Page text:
“Pssst! Hey! Writer!”
“I’ve got a mission for you.”
“Wait! Wait! Don’t run away screaming in fear!”
“This is one mission that’s completely possible. And it could lead to your next book contract.”
“Got your interest now, don’t I?”
Writing and spying have a lot in common. Both require skin tough as a flak jacket, the flexibility of a ninja, and the cleverness of a cryptologist. But you are in luck. I’m going to give you the inside intel needed to crack the nonfiction market with a high-caliber template for a nonfiction proposal.
Ready for action?
1. Sight the Target – First, you need to know your target reader. If you are writing for picture book readers, you do not need a proposal. You need the whole manuscript.
If you are writing for middle grade or older, a proposal is your passport to nonfiction publishing. Instead of spending hours (more likely MONTHS) writing a book that may not sell, you can write a proposal. This saves you time, but it is also beneficial to the editor. They may like your subject but would like you to change the presentation concept. Or perhaps they want you to consider a series. You can negotiate any changes the editor wants before you sign the contract. It’s a win-win.
2. Map the Mission – Create a chapter outline.
The editor needs to know that you have a clear vision for the book. Keep it brief. Just two or three sentences for each chapter. Give the highlights and most important concepts.
3. Show Your Tradecraft – Write two or three sample chapters.
Generally, they will be the first three chapters of the book. These need to be as close to perfect as possible. Sample chapters not only give the tone of the book but also display your writing ability. Be sure to include sample sidebars, fun facts, or activities. If you plan to have a glossary include a small selection of words. You will also want to include a sample bibliography. Highlight your primary sources.
4. Show Your Bona Fides – Write a resume.
Emphasize your experience and knowledge pertinent to this project. Do you have degrees in the field? Have you worked with a scientist or historian? Do you have a personal connection? Are you a research prodigy? This is the time to brag about yourself! Give a detailed account of your past publishing credits.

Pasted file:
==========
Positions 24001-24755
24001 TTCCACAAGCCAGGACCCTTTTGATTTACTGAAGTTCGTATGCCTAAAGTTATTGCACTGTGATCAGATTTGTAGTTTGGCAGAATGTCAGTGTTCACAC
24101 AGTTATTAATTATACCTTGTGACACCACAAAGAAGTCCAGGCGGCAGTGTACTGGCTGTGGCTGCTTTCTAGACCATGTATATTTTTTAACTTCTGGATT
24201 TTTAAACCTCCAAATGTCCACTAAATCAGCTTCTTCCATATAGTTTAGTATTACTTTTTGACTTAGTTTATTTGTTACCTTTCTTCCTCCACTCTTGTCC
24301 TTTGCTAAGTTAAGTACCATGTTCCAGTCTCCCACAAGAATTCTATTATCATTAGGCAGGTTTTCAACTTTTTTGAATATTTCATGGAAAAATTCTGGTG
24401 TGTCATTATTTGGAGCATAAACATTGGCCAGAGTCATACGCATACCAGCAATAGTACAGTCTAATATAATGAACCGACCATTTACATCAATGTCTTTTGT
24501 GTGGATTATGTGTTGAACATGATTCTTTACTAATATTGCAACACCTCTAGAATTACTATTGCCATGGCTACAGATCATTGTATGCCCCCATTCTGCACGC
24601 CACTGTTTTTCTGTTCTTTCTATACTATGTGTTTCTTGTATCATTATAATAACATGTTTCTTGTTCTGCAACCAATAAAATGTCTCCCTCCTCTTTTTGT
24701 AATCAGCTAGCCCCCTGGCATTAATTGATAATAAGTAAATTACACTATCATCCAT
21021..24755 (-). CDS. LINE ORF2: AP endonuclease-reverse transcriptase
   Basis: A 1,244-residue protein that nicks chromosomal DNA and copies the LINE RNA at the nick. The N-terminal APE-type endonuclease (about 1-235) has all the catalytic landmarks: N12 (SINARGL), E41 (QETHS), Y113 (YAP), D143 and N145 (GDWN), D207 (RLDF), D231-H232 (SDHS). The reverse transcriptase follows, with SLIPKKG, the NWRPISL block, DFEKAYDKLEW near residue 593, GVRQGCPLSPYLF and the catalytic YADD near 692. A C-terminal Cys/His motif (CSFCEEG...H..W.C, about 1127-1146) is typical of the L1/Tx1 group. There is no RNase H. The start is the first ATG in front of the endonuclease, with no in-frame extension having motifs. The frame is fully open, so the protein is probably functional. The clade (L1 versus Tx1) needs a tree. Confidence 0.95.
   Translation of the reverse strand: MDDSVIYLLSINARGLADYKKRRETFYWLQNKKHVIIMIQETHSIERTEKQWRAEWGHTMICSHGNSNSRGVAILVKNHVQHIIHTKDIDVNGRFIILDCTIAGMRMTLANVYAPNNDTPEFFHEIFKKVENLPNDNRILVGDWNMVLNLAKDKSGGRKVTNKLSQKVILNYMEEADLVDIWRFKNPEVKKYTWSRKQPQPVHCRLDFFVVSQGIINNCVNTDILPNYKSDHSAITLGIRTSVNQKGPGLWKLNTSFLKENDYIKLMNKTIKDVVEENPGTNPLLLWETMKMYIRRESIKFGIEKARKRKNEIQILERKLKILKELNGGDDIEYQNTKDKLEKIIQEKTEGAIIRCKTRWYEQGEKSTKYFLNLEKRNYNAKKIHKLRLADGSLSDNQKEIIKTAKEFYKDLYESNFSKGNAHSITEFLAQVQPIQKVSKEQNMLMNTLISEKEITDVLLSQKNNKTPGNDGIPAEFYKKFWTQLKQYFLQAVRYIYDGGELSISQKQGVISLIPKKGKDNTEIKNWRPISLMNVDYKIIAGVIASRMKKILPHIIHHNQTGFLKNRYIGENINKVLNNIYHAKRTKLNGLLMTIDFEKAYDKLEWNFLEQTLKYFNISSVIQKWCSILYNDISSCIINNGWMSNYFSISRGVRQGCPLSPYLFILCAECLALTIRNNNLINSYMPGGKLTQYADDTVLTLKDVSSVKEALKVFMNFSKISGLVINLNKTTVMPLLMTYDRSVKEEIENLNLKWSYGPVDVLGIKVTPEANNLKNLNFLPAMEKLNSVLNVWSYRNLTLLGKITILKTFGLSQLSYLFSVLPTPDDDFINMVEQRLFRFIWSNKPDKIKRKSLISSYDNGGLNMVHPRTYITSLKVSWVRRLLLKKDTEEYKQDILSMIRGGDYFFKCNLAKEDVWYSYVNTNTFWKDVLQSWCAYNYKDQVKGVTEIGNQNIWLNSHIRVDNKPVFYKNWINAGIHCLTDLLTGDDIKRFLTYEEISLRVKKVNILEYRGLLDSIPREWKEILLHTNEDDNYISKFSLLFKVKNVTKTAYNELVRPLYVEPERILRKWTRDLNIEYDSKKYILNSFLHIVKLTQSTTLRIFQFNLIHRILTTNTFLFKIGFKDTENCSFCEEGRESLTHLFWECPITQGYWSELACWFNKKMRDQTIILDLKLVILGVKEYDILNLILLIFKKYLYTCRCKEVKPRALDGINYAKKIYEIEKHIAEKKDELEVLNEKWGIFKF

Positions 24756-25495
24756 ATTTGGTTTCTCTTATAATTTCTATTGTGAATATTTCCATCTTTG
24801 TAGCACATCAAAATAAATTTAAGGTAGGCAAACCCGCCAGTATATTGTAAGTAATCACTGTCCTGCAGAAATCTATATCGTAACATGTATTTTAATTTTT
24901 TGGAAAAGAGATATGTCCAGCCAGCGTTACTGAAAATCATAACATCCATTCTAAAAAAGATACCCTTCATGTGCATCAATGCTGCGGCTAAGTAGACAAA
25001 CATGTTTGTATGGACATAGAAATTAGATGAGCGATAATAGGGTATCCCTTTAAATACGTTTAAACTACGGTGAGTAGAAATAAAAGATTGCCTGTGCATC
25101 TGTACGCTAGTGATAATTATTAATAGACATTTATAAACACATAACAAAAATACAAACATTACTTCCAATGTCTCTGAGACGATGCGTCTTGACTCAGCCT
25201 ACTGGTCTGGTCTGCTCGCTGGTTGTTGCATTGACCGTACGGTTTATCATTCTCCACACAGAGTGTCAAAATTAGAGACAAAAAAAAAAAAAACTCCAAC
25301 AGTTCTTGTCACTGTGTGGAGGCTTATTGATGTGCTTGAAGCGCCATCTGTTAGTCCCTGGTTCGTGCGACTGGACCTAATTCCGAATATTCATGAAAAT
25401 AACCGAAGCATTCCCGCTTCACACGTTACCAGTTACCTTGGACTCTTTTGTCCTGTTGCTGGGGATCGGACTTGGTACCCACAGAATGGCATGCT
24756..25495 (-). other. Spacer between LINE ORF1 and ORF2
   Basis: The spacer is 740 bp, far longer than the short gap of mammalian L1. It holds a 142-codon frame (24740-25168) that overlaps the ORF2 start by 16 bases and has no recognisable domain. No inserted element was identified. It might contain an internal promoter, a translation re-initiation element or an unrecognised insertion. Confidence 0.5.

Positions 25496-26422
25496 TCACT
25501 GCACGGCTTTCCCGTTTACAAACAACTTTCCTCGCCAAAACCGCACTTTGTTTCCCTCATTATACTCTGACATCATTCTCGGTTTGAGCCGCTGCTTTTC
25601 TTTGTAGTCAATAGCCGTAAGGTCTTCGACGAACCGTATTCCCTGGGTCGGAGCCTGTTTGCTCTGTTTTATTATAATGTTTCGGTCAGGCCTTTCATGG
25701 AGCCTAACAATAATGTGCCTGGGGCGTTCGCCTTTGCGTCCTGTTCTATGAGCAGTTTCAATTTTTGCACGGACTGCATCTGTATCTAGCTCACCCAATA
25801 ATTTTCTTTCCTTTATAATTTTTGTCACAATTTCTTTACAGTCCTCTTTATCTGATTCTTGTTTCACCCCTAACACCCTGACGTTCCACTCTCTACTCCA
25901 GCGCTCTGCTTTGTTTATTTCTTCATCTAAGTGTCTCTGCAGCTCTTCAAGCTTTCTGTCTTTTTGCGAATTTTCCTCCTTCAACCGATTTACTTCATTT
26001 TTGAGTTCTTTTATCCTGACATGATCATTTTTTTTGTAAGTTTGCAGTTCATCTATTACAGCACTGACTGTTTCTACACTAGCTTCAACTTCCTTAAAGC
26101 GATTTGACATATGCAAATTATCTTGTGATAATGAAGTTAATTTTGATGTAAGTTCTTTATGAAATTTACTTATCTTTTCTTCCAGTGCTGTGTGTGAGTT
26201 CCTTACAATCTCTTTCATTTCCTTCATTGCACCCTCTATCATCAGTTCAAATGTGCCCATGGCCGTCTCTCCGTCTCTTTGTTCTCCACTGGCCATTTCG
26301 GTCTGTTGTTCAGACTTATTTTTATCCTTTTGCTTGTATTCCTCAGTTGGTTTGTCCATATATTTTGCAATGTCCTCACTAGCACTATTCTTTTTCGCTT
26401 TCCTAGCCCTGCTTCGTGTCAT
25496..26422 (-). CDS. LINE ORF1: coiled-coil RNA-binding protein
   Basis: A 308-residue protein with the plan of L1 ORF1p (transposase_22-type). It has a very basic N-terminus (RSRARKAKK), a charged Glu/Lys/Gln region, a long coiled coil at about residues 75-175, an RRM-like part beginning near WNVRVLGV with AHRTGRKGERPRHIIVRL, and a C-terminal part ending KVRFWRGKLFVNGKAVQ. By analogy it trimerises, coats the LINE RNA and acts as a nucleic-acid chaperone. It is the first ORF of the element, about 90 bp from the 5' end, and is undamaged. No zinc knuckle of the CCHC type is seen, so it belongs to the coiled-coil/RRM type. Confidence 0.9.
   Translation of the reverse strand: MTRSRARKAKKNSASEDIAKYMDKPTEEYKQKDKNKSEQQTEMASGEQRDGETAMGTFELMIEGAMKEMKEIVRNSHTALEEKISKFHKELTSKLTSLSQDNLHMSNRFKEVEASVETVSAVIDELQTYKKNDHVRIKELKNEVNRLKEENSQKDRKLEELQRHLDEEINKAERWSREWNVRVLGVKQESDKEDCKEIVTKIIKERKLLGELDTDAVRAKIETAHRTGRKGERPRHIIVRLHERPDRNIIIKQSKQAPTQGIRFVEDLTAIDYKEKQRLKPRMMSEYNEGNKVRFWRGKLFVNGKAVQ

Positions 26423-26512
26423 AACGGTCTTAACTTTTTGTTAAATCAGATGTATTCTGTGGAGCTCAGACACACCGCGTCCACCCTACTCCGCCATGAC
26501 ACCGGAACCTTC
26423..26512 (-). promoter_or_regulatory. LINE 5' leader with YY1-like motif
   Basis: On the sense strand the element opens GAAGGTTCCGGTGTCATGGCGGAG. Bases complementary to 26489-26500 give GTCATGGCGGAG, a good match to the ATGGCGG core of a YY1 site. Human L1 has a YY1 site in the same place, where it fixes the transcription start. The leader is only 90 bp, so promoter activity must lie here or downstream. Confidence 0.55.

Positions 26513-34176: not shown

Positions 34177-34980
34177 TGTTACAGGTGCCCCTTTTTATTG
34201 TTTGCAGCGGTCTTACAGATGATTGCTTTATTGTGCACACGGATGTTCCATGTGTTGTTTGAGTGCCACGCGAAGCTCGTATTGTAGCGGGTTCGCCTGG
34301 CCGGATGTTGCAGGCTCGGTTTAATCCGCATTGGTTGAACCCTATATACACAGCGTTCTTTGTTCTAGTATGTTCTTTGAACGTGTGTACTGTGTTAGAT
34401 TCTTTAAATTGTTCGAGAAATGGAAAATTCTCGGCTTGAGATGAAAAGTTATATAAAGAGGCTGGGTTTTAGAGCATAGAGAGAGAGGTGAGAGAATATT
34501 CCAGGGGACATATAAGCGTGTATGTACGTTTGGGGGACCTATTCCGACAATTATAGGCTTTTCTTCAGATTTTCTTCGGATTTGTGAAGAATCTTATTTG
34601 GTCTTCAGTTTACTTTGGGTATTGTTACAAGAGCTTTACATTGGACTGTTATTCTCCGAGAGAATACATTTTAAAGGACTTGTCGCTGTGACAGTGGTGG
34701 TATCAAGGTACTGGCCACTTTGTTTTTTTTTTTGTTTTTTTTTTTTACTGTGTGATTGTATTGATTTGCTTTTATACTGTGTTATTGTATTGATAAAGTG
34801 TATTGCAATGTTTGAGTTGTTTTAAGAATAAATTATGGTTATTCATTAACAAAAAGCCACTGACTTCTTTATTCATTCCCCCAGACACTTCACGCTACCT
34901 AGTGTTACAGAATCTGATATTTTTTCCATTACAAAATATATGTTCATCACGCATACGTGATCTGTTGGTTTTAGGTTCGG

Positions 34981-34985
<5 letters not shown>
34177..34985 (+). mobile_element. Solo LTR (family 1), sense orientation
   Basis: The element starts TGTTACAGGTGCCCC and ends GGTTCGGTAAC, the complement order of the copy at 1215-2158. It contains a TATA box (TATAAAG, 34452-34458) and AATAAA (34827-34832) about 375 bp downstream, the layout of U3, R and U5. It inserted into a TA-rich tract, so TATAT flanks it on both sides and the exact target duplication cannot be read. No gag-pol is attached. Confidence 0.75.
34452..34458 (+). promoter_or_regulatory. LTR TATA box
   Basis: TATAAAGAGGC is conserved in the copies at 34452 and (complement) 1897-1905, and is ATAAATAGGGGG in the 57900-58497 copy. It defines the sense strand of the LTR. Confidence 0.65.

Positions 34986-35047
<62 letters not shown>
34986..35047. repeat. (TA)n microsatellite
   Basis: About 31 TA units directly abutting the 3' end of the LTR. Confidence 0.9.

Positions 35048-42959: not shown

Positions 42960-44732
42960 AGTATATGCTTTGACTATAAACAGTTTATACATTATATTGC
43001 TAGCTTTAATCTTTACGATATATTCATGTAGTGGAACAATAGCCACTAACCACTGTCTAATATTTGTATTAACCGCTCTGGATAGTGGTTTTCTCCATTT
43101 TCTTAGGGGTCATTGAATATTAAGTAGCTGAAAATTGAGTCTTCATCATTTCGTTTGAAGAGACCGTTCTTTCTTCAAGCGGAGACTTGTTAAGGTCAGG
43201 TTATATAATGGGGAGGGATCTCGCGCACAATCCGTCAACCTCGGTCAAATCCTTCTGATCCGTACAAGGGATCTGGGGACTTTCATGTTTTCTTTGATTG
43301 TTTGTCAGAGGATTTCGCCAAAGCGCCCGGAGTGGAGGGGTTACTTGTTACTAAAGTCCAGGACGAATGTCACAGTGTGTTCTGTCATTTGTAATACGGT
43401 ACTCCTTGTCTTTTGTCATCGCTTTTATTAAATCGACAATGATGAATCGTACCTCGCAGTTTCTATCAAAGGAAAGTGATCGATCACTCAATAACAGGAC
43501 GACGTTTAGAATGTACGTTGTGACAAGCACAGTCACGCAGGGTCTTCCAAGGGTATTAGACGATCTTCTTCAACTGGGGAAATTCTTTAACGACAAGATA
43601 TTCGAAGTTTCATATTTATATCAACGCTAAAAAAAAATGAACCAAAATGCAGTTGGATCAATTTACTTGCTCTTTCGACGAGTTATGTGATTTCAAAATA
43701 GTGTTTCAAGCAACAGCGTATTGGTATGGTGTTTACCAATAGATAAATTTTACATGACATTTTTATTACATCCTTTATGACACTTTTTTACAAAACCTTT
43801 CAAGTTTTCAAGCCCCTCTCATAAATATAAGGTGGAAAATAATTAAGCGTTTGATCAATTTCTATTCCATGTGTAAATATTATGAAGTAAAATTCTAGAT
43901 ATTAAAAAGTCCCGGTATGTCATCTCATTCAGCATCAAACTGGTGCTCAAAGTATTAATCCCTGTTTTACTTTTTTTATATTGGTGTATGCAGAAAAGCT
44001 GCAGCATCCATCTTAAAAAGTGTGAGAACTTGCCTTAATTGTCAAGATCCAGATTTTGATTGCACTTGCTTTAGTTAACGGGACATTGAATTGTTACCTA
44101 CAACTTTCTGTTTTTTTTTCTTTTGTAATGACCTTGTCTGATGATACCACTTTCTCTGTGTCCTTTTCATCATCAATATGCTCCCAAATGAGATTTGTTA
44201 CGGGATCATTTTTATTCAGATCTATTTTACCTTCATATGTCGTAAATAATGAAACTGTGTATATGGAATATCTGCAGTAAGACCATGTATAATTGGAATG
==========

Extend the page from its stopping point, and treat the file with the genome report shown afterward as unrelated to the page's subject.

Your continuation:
5. Set the Honey Trap – Make your proposal irresistible.
Use these key components to convince the editor that this is the book she wants to publish!
Target Audience – This goes beyond the age group you are writing for. In this section, you need to identify who will be purchasing your book. Will this book appeal to librarians? Teachers? Grandparents? Lovers of history? Science nerds? Kids who like animals? Write a short paragraph on each target audience and why this book will appeal to them.
Comparable Titles – This is a critical section and deserves a serious round of research. You need to find five titles that have been published within the last three years that are similar to your book. These should be profitable books that are like yours. This will help convince an editor that there is a market for your story. Do not select blockbusters like Harry Potter or Hunger Games. And always do a positive comparison. Do NOT bash other writers and their books!
Here is a sample from my successful Mary Anning Proposal:
Finding Wonders: Three Girls Who Changed Science
By Jeannine Atkins
Atheneum Books for Young Readers, 2017
This book received starred reviews for the author’s lyrical poems about scientists Maria Merian, Mary Anning, and Maria Mitchell. A lovely combination of science and poetry, the author bases her imagined stories on the real lives of these three women. The popularity of this fictional book shows there is an audience and an appetite to know about the real life of early women scientists like Mary Anning. This is a need that Mary Anning – Paleontology from the Golden Age to the Present for Kids would fill.
Marketing and Promotion – What will you do to make sure your book SELLS? Give the editor concrete examples of the work you will do to market your book. List specific events that you will attend. List speaking engagements, school visits, library talks, conferences, literary festivals, and Nerd Camps. Are there holidays that will help sell your story? Can you connect with museums, science centers, or arboretums? Include traditional media outlets like radio, television, and local newspapers as well as social media platforms.
6. Mission Wrap Up – Submission!
Once you have completed the proposal you are ready to submit. Again, this requires a deep dive into author intelligence. If you are searching for an agent who wants nonfiction proposals here are a few places to scout. And don’t forget to use the FREE proposal template!
Good Luck! May your missions all be successful.
If you are going directly to an editor, try these sources:
Meet the Author: